IJ: But the text isn't rendered in that case. The goal is that: as soon as any user has access to the content, all users should have access to it.
Resolved: Create a category "The WG felt that this functionality is essential to users with disabilities."
a) User shouldn't have to understand underlying structure of a document to navigate it, but should be able to navigate. Thus details of "structural navigation" left ambiguous.
b) No minimal requirement obvious except that navigation is required as an essential functionality, otherwise too burdensome to have to reread the page from top to bottom.
c) ATs may provide specialized navigation, but some native implementation of navigation essential for access.
d) Structure available through the DOM. The Guidelines should encourage navigation in a manner appropriate for the rendering handled by the type of user agent being used.
DA: If we say that you have to do something natively, we have to be able to say what to do.
JG: This is closely linked to 7.6 for me. Like searching, it's a way to access content.
JG: Structured navigation hasn't been a requirement for desktop user agents.
- Backwards compatibility issue? Require structured navigation until the DOM is available.
JG: This functionality is useful for different media. Opera does this. Auditory browsers do this. We think that general purpose user agents should incorporate these for general audience.
IJ: Native structured navigation gets you part of the way for others.
KB: Structured navigation will help some users with disabilities: low vision, motor impairments.
Resolved: Essential functionality for some users with disabilities (low vision, physical).
IJ: This one follows 7.6
KB: The UA should convey all of the information specified by the author. I don't think we can ask the UA to go beyond what the author has specified.
IJ: Agreed. This is a special case of "access to all content".
DB: What does "purpose" mean? There's no "purpose" attribute?
GR: Minimal satisfying of this checkpoint: tool tip of the "summary" attribute.
Resolved: This is an important special case of access to content.
GR: (For the record, I think 8.3 (link info) should be P2).
DA: As user agents start to render summary, etc. authors are more likely to provide the information.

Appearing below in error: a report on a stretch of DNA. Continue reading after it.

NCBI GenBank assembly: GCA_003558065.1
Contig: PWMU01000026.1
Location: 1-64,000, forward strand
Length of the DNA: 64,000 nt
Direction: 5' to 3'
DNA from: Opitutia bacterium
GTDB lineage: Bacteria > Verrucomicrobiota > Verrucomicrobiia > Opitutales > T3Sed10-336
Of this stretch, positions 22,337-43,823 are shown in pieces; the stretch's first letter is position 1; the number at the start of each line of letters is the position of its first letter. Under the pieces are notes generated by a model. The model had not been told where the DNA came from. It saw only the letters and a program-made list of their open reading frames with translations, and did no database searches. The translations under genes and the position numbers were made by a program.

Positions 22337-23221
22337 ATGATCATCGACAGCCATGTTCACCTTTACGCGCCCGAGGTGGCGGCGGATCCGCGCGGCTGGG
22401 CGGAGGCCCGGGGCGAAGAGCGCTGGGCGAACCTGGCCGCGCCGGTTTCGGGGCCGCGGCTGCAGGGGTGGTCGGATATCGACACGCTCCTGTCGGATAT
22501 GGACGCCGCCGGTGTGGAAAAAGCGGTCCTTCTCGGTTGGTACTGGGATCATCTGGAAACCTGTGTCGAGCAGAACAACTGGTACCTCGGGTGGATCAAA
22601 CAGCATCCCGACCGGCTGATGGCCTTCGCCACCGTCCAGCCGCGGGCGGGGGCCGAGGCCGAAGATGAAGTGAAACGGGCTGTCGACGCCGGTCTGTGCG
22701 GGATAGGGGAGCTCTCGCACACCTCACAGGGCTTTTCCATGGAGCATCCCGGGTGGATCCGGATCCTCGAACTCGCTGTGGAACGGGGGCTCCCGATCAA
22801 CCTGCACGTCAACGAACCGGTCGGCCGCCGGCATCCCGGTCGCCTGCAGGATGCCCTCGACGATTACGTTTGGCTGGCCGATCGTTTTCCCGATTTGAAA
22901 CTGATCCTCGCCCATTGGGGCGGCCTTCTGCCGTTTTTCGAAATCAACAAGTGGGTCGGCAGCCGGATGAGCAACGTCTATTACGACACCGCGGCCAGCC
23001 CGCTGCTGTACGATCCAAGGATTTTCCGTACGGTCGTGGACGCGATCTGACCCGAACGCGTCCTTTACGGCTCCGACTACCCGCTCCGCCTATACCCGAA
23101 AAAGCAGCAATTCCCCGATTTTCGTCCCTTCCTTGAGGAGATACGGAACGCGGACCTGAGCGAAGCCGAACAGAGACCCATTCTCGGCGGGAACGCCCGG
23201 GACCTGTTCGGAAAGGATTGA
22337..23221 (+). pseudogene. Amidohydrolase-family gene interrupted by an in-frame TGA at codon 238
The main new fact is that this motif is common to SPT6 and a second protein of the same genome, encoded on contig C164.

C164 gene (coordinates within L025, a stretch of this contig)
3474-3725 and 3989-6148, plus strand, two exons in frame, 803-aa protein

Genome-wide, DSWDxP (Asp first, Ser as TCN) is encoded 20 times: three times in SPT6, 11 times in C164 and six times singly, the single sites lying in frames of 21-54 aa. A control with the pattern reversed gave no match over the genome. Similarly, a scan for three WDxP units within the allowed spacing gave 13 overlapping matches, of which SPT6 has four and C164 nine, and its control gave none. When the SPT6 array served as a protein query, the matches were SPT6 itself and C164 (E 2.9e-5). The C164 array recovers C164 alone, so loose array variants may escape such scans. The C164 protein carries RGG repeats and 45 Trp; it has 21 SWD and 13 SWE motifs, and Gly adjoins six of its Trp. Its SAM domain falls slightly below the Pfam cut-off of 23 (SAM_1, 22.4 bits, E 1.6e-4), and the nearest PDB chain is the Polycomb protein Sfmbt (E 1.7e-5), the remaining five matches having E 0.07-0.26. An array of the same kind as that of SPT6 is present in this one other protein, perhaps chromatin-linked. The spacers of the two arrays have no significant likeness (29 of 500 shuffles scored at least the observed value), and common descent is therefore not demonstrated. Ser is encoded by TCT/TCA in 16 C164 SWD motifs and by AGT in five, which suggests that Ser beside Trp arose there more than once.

IJ: I think that it's important to make relationships inherent in markup available to all users, and developers may not realize this.
RS: Does 8.1 mean through programmatic means?
IJ: Not specified.
Action IJ: Make clearer that this is "information provided to the user."
DB: I'm not sure this should be P1. This is a tricky one since I don't think it's impossible to get at the information.
1) WG decided that table navigation was important, but could fall under general structured navigation provided that table semantics be preserved in a checkpoint as a native requirement.
2) This is important to render, whatever medium you're rendering to.
3) Important for users with blindness, motor disabilities, and cognitive disabilities since you have to memorize header information.
IJ: In this case:
- Render to user in the way you're rendering (e.g., graphically).
- Provide programmatic access (covered by DOM).
(In short, IJ doesn't think a change necessary since rendering is always "However you render it...")
Action Ian: Harmonize language in the spec so that a single expression is used to indicate "provide information to the user". (as opposed to programmatically). Indicate both explicitly when both.
Resolved: Leave "unknown" for now.
DA: This is a P2.
Resolved: Essential functionality for some users that must get through content serially or cognitive disabilities.
IJ: If native configs only, the issue is resolved (since configs provided natively).
DA: You could have a macro program that intercepts your keystrokes before they get to the UA.
Resolved: Required natively since it mostly addresses natively provided functionalities.
IJ: This is a special case of 10.8.
Resolved: These controls are provided natively by the UA.
Action IJ: Indicate that this is a special case of 10.3
Adjourned 15:38 ET